It’s the most wild s–t. When I was coming up with him, he was in a group. To see what he transformed into is insane. When I look at him, from a branding standpoint, he nailed it. It’s been a blueprint for a lot of people I know. Plus him always being a solid, stand up guy, he’s never acted too big or hollywood. He does things he doesn’t have to do and that’s a metric of his character. G is always reaching back. 

How’d you balance playing football and doing music in college? Did you know that music was always your true passion?

Music has always been my passion, but I played football because I was good at it. I got the opportunity to get a scholarship and I wasn’t going to turn that down. That would’ve been stupid. I was the guy with the studio set up in the dorm. Luckily, I knew what my passion was. That’s why I don’t trip, I was a backup that started three or four games. I never aspired to go to the NFL. 

For 90 percent of the dudes on the team, football was everything. College athletes after college isn’t a discussion we have a lot. There was a phase a lot of my friends went through where they were depressed. Football was your whole life. That’s why you see a lot of guys go into coaching because they’re trying to fill that void of football. When something is your whole life, it’s your identity. When that’s taken away, it’s like, “Am I going to be a teacher or work a day job?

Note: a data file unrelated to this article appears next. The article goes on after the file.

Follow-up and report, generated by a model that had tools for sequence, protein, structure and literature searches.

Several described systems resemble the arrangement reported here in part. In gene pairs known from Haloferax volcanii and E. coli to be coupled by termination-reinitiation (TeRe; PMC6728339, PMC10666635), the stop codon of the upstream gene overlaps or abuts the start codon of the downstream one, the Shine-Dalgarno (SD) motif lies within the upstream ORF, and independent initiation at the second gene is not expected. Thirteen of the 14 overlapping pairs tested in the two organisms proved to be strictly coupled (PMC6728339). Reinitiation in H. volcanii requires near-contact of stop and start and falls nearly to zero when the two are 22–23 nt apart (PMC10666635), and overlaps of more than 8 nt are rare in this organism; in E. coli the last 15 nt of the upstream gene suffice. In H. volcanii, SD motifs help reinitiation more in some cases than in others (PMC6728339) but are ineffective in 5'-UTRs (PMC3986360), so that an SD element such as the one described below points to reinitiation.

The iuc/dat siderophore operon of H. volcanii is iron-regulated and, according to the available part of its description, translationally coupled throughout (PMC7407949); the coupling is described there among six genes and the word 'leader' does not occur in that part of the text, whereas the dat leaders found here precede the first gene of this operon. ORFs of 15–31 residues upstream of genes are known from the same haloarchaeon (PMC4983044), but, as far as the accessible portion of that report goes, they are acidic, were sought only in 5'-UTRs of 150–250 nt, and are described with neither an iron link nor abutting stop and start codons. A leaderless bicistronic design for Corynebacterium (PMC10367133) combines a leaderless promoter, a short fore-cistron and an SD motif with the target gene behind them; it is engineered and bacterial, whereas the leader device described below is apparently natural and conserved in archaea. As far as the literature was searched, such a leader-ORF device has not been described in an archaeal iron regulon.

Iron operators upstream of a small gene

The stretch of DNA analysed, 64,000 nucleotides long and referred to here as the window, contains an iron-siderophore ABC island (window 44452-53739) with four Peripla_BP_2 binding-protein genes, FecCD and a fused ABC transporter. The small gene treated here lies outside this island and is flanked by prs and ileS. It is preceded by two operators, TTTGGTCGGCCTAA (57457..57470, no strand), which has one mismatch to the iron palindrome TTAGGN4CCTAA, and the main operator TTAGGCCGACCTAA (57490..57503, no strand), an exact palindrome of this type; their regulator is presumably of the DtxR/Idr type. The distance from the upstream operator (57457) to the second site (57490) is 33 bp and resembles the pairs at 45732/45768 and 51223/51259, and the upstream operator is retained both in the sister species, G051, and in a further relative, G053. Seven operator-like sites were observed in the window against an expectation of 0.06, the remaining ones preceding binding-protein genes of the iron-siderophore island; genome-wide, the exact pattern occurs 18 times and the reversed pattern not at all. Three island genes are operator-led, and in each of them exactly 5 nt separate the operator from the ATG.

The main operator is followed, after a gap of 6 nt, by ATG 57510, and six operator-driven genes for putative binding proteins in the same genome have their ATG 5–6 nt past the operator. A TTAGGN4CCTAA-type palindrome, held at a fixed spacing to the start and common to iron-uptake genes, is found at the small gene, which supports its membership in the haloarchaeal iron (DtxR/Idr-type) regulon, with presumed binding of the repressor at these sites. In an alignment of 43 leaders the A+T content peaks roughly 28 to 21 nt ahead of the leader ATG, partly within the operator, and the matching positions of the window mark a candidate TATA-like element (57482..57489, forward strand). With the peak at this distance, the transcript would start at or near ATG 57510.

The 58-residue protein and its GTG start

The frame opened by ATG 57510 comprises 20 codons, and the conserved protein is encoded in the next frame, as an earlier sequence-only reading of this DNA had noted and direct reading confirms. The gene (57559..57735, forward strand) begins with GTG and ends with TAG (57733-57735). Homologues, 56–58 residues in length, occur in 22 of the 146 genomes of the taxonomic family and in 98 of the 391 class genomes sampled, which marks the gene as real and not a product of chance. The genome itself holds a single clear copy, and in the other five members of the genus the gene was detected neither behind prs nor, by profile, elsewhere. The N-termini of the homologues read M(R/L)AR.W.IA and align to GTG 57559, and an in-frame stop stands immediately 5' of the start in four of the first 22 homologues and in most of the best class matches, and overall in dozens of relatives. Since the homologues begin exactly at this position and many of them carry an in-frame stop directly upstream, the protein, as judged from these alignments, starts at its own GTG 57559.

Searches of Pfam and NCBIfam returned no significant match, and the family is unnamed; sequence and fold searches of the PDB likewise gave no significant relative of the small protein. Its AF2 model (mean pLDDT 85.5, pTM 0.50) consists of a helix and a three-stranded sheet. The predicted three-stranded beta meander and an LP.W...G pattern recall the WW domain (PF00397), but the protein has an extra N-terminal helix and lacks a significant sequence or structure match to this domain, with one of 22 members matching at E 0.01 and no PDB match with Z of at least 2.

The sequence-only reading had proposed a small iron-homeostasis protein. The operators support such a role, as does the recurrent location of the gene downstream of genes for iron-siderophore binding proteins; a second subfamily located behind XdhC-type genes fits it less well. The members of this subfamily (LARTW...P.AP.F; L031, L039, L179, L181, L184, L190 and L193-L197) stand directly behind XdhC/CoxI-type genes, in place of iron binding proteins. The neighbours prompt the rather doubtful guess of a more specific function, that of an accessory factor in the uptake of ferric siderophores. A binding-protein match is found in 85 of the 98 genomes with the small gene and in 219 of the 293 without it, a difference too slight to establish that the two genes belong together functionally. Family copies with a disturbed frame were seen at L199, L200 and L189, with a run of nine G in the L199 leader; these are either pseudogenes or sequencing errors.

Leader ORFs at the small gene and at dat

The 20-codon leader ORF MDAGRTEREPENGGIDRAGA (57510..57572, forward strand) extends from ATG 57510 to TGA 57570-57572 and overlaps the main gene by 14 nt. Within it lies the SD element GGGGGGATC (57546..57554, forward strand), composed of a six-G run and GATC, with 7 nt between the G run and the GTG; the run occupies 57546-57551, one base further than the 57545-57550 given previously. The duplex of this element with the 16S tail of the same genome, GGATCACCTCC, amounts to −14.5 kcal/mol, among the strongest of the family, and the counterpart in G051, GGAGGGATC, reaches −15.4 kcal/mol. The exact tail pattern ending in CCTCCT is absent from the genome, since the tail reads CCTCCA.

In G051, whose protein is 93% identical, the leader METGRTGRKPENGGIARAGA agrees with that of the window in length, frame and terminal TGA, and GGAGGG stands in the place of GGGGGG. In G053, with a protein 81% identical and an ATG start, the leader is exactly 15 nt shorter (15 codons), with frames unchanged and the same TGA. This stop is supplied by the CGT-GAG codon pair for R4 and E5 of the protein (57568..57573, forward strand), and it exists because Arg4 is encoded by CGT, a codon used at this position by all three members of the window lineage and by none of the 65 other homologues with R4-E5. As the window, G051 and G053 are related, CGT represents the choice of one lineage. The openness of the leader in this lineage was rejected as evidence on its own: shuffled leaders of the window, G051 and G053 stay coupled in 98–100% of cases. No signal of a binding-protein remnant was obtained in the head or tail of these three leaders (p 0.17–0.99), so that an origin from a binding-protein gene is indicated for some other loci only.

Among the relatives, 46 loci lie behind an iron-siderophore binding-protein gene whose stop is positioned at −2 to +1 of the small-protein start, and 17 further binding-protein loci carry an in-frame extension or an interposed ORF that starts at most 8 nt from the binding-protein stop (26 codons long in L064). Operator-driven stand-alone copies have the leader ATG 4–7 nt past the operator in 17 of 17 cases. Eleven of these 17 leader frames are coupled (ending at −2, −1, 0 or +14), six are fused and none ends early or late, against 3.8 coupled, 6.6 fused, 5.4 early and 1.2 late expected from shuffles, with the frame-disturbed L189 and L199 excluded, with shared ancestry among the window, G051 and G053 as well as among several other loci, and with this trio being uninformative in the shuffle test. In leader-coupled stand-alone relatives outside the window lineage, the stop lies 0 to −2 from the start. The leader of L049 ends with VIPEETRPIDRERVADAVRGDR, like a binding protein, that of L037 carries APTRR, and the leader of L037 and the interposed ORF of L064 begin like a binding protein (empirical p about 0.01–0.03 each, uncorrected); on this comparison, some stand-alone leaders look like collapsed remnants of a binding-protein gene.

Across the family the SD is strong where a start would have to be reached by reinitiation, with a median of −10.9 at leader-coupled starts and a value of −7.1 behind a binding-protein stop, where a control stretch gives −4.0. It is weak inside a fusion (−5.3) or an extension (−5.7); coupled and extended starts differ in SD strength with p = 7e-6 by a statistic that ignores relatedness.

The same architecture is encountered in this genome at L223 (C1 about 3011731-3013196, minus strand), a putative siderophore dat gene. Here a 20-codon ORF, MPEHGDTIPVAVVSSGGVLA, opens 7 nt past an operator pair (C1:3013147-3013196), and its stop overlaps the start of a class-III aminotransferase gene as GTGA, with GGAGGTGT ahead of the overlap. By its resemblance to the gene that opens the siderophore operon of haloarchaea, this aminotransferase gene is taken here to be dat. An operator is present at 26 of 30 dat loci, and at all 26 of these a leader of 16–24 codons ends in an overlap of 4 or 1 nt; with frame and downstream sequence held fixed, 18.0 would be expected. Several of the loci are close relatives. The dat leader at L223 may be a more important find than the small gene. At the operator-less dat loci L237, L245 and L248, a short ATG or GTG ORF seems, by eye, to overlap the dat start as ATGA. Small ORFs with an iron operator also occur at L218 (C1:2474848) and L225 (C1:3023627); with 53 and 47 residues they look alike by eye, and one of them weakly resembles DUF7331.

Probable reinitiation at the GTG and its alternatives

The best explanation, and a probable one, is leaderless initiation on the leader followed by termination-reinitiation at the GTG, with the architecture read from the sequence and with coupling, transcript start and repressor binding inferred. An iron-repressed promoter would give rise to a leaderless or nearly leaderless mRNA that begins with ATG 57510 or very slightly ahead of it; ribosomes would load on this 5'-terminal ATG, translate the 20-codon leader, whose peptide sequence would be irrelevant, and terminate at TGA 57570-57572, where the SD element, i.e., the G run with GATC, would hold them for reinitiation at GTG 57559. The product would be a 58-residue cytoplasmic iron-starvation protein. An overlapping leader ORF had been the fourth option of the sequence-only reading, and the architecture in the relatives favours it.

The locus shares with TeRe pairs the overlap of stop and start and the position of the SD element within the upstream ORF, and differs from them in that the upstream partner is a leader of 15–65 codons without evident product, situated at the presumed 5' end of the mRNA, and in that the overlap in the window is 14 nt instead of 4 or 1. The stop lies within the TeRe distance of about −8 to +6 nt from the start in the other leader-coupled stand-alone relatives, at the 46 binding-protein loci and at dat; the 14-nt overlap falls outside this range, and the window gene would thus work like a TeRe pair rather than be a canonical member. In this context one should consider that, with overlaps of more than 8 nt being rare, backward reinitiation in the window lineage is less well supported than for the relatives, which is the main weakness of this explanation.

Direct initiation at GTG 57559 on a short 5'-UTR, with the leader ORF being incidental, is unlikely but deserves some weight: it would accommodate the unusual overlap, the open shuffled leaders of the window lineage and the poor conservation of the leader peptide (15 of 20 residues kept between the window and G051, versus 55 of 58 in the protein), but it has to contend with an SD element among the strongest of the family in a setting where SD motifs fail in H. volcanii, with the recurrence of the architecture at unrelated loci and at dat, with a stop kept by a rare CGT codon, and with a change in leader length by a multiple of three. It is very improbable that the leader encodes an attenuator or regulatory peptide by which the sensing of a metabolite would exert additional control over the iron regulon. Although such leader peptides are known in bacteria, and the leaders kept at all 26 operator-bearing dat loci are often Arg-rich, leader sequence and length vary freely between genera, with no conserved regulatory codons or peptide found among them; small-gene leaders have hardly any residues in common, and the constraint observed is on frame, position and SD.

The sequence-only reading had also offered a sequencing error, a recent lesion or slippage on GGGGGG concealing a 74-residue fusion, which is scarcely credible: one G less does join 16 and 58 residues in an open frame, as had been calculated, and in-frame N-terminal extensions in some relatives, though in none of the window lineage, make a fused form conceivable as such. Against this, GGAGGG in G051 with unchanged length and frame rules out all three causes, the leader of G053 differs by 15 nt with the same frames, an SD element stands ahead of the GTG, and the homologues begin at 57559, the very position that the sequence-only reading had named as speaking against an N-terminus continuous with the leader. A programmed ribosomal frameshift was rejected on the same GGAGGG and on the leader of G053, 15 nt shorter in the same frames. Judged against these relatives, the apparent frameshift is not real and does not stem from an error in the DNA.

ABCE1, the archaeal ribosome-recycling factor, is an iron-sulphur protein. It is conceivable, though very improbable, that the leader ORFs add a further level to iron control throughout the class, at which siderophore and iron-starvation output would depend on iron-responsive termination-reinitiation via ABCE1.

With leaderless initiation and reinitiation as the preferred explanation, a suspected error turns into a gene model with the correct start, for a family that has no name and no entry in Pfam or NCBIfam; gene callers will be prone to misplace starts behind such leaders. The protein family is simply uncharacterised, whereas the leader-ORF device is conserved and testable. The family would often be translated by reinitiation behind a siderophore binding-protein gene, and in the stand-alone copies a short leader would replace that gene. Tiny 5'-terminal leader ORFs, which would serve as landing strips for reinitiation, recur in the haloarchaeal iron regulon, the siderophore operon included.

In the past you’ve said your goal is to write, mix, master, and produce all of your music one day. How close are you to actually doing that?

That’s down the road. I’m a real perfectionist, so that’s why I take my music elsewhere. I’m the type of guy if I hear something and can’t fix it, then I’m just not going to put it out. I’ve got songs I’ve mixed, but the quality isn’t up to par.

Do you have any goals for next year?

I just want this tour to be as dope as possible. I know a lot of people have been waiting to see me tour, and I want to finish the year strong. I feel like we kind of nailed this year. We got a couple videos coming out as well. The plan is to keep growing and pushing myself next year.